Own-it | Intellectual Property Know-How for Creative Businesses

Online Counterfeiting: Good News for Rights Holders

Online Counterfeiting: Good News for Rights Holders

Published: 11.03.15 at 16:33

Copyright provides the owner with the exclusive legal right to publish, print or perform musical or literary works and films. If this material is copied, used or distributed without permission of the company or individual which holds the exclusive right to do so, this will constitute a copyright infringement. The practice of sharing or downloading infringing material from websites  is known as piracy, and it is illegal.

Around a year ago, the European Court of Justice issued an important statement: "an internet service provider may be ordered to block its customers' access to a copyright-infringing website."

Laws passed by the European Court  of Justice are particularly important because they are binding on member states, and thus will be applicable to the United Kingdom. In Austria, two companies (UPC Telekabel Wien GmbH v Constantin Film Verleih GmbH), which held movie rights succeeded in their attempt to prohibit access to websites where their copyrighted films could be downloaded or viewed without charge. There is no obligation on the internet service providers (ISPs) to filter all infringing websites, as this would be disproportionate. However, since ISPs are necessary to distribute and access copyrighted material, they are deemed intermediaries whose services are used to infringe copyright. Therefore, they may be required to prevent piracy by blocking specific infringing websites.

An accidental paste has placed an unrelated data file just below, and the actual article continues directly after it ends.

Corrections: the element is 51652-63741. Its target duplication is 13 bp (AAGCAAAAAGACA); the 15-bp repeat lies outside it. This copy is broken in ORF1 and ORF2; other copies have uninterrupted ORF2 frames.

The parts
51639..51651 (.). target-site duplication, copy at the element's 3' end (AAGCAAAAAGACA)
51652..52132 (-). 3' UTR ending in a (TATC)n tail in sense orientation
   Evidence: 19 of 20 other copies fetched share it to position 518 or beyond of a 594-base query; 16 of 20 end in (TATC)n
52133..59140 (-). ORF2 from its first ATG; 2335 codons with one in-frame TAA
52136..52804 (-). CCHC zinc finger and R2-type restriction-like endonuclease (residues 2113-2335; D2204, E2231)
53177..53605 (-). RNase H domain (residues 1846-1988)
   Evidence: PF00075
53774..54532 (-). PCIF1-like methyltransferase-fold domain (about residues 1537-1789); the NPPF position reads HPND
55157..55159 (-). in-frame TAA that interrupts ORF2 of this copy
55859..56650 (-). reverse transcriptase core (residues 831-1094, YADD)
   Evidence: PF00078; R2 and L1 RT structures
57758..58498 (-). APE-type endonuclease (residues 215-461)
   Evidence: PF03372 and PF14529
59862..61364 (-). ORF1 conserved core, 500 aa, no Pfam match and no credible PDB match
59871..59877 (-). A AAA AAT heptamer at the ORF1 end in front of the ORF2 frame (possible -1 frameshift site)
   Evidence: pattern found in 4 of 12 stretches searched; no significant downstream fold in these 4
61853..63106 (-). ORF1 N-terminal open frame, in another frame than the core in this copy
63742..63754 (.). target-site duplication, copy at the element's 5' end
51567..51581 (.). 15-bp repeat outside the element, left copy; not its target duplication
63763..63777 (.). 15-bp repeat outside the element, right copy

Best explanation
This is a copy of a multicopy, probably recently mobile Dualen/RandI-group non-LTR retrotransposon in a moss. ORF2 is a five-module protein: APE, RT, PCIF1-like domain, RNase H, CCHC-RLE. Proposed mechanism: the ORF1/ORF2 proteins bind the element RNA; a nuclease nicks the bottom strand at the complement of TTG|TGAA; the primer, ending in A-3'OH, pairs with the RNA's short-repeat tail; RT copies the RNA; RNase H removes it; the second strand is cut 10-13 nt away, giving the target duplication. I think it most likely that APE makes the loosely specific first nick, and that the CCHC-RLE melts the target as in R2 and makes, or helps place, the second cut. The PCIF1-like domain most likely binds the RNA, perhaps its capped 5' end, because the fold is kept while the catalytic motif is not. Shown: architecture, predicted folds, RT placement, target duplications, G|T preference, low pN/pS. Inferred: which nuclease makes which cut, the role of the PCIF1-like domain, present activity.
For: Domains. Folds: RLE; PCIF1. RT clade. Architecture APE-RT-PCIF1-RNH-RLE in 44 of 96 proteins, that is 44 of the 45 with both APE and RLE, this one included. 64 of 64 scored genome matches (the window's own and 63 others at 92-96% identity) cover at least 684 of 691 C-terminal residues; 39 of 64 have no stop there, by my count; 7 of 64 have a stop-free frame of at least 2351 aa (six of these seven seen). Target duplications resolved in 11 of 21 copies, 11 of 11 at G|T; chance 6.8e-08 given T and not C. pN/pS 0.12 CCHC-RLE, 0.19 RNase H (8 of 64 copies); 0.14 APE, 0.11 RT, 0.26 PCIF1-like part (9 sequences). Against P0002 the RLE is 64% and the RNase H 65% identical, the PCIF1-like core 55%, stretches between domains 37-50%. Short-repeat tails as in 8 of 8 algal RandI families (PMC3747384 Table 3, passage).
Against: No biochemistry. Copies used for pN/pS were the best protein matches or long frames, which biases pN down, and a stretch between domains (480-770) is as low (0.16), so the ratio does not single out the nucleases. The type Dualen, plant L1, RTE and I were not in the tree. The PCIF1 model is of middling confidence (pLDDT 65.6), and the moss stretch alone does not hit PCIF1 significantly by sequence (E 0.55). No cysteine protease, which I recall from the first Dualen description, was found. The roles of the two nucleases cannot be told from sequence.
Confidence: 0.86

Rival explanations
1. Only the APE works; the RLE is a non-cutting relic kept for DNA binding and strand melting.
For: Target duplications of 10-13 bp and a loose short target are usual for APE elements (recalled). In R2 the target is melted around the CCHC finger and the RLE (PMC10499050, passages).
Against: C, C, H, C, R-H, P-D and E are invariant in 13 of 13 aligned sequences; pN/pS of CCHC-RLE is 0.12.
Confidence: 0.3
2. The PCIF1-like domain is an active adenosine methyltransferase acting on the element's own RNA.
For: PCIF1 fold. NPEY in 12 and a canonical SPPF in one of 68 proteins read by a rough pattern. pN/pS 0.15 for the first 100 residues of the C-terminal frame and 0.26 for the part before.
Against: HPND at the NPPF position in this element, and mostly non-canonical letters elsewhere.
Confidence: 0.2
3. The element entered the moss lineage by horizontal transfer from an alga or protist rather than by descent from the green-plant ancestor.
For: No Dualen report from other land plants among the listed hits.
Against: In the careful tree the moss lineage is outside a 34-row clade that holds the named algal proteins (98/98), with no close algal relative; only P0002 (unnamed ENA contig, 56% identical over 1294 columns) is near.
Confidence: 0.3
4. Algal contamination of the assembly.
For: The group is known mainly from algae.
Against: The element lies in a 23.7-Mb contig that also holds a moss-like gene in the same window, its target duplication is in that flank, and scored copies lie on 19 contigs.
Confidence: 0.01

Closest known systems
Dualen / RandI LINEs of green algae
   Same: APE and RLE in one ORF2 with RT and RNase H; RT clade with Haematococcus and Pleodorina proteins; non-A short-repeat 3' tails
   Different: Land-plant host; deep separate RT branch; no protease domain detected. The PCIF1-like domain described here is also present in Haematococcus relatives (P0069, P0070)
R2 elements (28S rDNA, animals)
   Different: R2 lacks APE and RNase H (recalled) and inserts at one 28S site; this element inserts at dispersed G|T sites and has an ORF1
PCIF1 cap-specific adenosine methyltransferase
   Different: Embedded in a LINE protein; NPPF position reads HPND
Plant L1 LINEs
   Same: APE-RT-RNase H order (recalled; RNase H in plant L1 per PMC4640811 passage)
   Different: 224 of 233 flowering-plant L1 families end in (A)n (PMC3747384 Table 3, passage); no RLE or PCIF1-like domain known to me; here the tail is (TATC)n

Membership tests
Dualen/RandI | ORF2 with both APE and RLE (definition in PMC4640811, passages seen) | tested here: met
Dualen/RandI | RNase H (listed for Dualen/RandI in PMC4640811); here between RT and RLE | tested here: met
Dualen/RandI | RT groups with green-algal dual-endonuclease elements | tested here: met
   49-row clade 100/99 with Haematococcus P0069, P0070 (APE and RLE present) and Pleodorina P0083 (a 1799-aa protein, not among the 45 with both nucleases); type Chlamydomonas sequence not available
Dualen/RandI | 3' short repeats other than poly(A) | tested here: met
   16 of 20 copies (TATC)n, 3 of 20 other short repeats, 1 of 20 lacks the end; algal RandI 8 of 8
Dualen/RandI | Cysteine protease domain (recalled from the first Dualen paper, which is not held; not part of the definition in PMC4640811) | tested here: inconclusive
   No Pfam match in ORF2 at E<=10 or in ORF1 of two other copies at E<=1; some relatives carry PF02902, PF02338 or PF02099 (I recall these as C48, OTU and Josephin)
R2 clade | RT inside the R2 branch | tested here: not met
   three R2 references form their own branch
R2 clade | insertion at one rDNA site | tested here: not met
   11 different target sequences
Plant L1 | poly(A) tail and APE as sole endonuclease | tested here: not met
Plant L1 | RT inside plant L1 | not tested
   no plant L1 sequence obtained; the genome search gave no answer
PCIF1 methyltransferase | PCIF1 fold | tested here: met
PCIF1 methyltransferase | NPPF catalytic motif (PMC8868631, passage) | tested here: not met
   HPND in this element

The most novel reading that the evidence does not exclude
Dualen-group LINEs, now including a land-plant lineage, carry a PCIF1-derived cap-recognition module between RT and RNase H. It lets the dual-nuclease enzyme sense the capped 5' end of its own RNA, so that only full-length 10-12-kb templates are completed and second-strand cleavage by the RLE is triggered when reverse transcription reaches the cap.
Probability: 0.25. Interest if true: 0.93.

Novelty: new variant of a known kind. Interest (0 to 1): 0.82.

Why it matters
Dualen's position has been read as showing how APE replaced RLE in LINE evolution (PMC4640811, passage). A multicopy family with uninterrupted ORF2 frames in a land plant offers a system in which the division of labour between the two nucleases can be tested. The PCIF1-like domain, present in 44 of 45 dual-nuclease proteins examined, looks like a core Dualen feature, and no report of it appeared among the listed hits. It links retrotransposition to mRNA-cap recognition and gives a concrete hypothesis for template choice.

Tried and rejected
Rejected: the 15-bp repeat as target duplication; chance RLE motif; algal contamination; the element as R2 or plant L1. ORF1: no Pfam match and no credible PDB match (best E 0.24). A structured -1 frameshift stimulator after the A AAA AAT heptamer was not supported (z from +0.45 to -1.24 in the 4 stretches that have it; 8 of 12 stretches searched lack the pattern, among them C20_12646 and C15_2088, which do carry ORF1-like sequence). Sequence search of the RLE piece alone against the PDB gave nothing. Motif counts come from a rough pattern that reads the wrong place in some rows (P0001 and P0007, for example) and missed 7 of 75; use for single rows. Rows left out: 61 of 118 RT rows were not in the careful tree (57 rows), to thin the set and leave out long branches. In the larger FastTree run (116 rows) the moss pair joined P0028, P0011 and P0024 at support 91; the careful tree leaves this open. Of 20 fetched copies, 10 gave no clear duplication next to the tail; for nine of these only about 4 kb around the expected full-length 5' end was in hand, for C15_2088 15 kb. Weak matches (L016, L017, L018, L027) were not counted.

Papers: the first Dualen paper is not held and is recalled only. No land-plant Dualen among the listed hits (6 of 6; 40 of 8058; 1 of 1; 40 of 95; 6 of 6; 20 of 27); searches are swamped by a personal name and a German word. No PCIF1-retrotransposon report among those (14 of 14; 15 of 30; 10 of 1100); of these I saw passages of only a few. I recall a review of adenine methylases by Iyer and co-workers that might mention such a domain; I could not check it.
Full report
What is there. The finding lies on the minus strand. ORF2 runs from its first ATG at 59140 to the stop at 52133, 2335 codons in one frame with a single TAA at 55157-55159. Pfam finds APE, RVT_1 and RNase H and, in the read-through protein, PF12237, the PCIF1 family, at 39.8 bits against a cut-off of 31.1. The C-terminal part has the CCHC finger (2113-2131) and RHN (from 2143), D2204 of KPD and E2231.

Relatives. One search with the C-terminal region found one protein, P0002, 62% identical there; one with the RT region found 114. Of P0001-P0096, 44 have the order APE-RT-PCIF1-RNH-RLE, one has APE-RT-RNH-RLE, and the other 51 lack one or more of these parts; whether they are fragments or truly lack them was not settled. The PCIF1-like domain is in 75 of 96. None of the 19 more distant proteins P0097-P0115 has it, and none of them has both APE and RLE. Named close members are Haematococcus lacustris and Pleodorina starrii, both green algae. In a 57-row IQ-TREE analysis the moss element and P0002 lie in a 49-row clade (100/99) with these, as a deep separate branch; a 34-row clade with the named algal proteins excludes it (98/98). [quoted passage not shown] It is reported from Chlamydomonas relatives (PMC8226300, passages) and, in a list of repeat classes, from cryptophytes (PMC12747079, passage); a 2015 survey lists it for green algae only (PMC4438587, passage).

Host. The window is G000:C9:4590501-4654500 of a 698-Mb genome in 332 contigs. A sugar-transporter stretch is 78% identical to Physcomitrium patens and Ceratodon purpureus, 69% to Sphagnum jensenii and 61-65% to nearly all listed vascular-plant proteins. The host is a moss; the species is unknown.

In the recent case of Cartier, Montblanc and Richemont v BSkyB, BT, TalkTalk, EE and Virgin, the High Court in the UK extended such blocking orders to ISPs, which hosted websites dealing in and marketing counterfeit goods. Counterfeit goods are products, which look the same or similar and even bear the logo of well-known brands. They essentially infringe third party trade marks, which protect the reputation of a brand. They are signs of origin, which tell the consumer where the product comes from and what quality to expect from the brand owner. 

In the case mentioned above, several luxury jewellery and watch makers such as Cartier, Montblanc and Richemont sought to prevent the advertisement and sale of counterfeit goods online. Many users based in China operate what are widely referred to as 'knock-off' websites, in which the seller claims to be selling for example Cartier jewellery, when in fact the goods are counterfeit. By doing this, those running the counterfeit websites are infringing the trade mark of the well-known brands and causing considerable commercial damage. Therefore, the luxury designers and manufacturers sought to block these infringing websites from being accessible in the UK through certain ISPs, in this case, BskyB, BT, TalkTalk, EE and Virgin.


It was decided that the ISPs were under an obligation to block the infringing websites in the UK, if certain criteria were fulfilled. The criteria were as follows:

  • The ISPs must be intermediaries
  • The people running the websites must be infringing registered trade marks by offering goods to UK customers bearing confusingly similar or identical logos and getup of the original products.